The Harvard India Initiative, 2015, hopes to foster targetted dialogue and academic critique on India’s future. This conference is bringing together 450 of the brightest young minds from across the world and India in the hopes of creating a tradition of research-focused policy-making in one of the most vibrant democracies and economies of the world.
Dinyar Patel, Ph.D. candidate, Department of History, Harvard University, SAI Graduate Associate
Today, Dadabhai Naoroji (1825-1917) is primarily identified as an early economic thinker, a leader of the moderate wing of the Congress, and the first Indian elected to the British Parliament. This standard school textbook description, however, does little justice to the “Grand Old Man of India,” who was a far more complex and dynamic individual. During his nearly six decades of active political work, Naoroji laid the foundations for much of the Indian nationalist movement and became a globally recognized anti-imperialist figure.
Drawing on over three years of intensive research in India, the United Kingdom, and Ireland, Patel will present a detailed examination of Naoroji’s career and also highlight some unusual finds from the archives.
Dinyar Patel is a Ph.D. candidate in the Department of History at Harvard University. His research has been supported by two grants from the Fulbright Program. Patel is co-editor, with Mushirul Hasan, of From Ghalib’s Dilli to Lutyens’ New Delhi: A Documentary Record (Oxford University Press, 2013) and co-editor, with S.R. Mehrotra, of Dadabhai Naoroji: Selected Private Papers (Oxford University Press, forthcoming 2015). He is currently completing his dissertation on Naoroji.
More details to follow.
An Exhibition of Editorial Cartoons and Caricatures on India and the United States by Shreyas Navare, Fellow, Weatherhead Center for International Affairs; Editorial Cartoonist, Hindustan Times; Author, The Politickle Pickle: Vol. 1 & 2.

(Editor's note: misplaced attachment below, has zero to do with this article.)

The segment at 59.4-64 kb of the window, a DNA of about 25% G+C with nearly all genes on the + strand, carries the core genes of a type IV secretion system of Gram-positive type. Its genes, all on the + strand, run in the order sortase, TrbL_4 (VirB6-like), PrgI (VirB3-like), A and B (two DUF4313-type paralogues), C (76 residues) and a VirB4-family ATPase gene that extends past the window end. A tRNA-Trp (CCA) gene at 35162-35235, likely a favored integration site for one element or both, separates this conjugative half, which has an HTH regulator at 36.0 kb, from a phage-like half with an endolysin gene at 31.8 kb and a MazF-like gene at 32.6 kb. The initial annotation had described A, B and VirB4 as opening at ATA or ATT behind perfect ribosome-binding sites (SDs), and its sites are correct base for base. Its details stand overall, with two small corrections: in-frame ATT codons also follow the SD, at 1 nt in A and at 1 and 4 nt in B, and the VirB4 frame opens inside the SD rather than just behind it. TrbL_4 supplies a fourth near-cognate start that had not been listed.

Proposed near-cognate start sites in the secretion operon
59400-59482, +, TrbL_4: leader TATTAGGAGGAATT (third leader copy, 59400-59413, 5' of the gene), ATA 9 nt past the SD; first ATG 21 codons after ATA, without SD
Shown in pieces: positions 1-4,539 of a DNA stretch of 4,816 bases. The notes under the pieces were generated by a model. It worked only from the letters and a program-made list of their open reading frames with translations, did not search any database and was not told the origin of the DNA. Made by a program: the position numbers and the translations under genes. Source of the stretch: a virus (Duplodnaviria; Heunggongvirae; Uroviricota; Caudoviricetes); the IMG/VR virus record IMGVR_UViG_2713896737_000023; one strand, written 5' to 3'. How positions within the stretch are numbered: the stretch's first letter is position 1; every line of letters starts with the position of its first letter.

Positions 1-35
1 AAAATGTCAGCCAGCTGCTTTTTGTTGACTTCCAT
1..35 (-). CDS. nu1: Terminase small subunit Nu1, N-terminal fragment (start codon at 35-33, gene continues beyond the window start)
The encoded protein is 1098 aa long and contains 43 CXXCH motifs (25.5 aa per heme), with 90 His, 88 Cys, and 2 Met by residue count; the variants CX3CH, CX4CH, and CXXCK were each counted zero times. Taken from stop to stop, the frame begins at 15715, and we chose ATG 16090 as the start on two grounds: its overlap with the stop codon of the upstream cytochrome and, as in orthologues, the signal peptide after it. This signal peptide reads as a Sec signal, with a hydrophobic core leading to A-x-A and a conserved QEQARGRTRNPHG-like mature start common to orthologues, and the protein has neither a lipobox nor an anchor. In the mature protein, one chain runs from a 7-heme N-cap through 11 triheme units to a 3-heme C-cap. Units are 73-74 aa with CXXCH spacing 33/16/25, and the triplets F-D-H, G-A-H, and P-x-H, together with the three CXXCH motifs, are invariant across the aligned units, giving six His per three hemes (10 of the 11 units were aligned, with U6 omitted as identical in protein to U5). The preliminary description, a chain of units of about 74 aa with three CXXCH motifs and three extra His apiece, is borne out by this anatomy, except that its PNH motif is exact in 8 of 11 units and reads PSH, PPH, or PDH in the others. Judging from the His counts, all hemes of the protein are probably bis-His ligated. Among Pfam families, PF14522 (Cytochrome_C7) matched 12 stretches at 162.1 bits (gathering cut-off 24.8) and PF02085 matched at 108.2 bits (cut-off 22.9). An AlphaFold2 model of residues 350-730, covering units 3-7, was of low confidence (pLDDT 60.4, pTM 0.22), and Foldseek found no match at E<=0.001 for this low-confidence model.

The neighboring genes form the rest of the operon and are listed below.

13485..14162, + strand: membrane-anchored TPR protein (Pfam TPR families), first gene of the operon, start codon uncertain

On display December 7, 2014–January 29, 2015
Open Mondays-Thursdays 7am – 9pm; Fridays 7am – 7pm
Co-sponsorsed by the Weatherhead Center Fellows Program, South Asian Arts Council, and Hindustan Times.
SAI Photo Exhibit
On Display in the CGIS South Concourse from Nov. 5, 2014 – Jan. 31, 2015.
Open Mondays-Thursdays 7am – 9pm; Fridays 7am – 7pm
Coded Elegance, by Pablo Bartholomew, is a series of ethno-anthropological photographs of tribes and people of the hills and valleys of Arunachal Pradesh, Nagaland, and Manipur, taken from 1989 to 2000.
Coded Elegance constitutes a mere fragment of Bartholomew’s extensive visual anthropological documentation of the various tribes and people residing in the low Himalayan hills and valleys of Northeast India — a people whose lives are marked by tradition and transition. The series, an off shoot of Marked with Beauty, his 2000 exhibition of rich, color photographs of the many Naga tribes, is influenced by his own collection of portraits of the Darjeeling hill tribes by Johnston and Hoffman, and Irving Penn’s body of work in Papua New Guinea.
It explores his journey and interaction with tribes in Arunachal Pradesh, Manipur, and Nagaland — diverse communities with myriad different languages and dialects — as well as the people inhabiting the valleys in that region. The preservation of their traditional cultures articulated through their dress, rituals, and rites of passage, forms the overarching subject of Coded Elegance.
With generous support from the Donald T. Regan Lecture Fund, the Arts Initiative at SAI brings experienced and emerging artists to Harvard whose work focus is on social issues related to South Asia.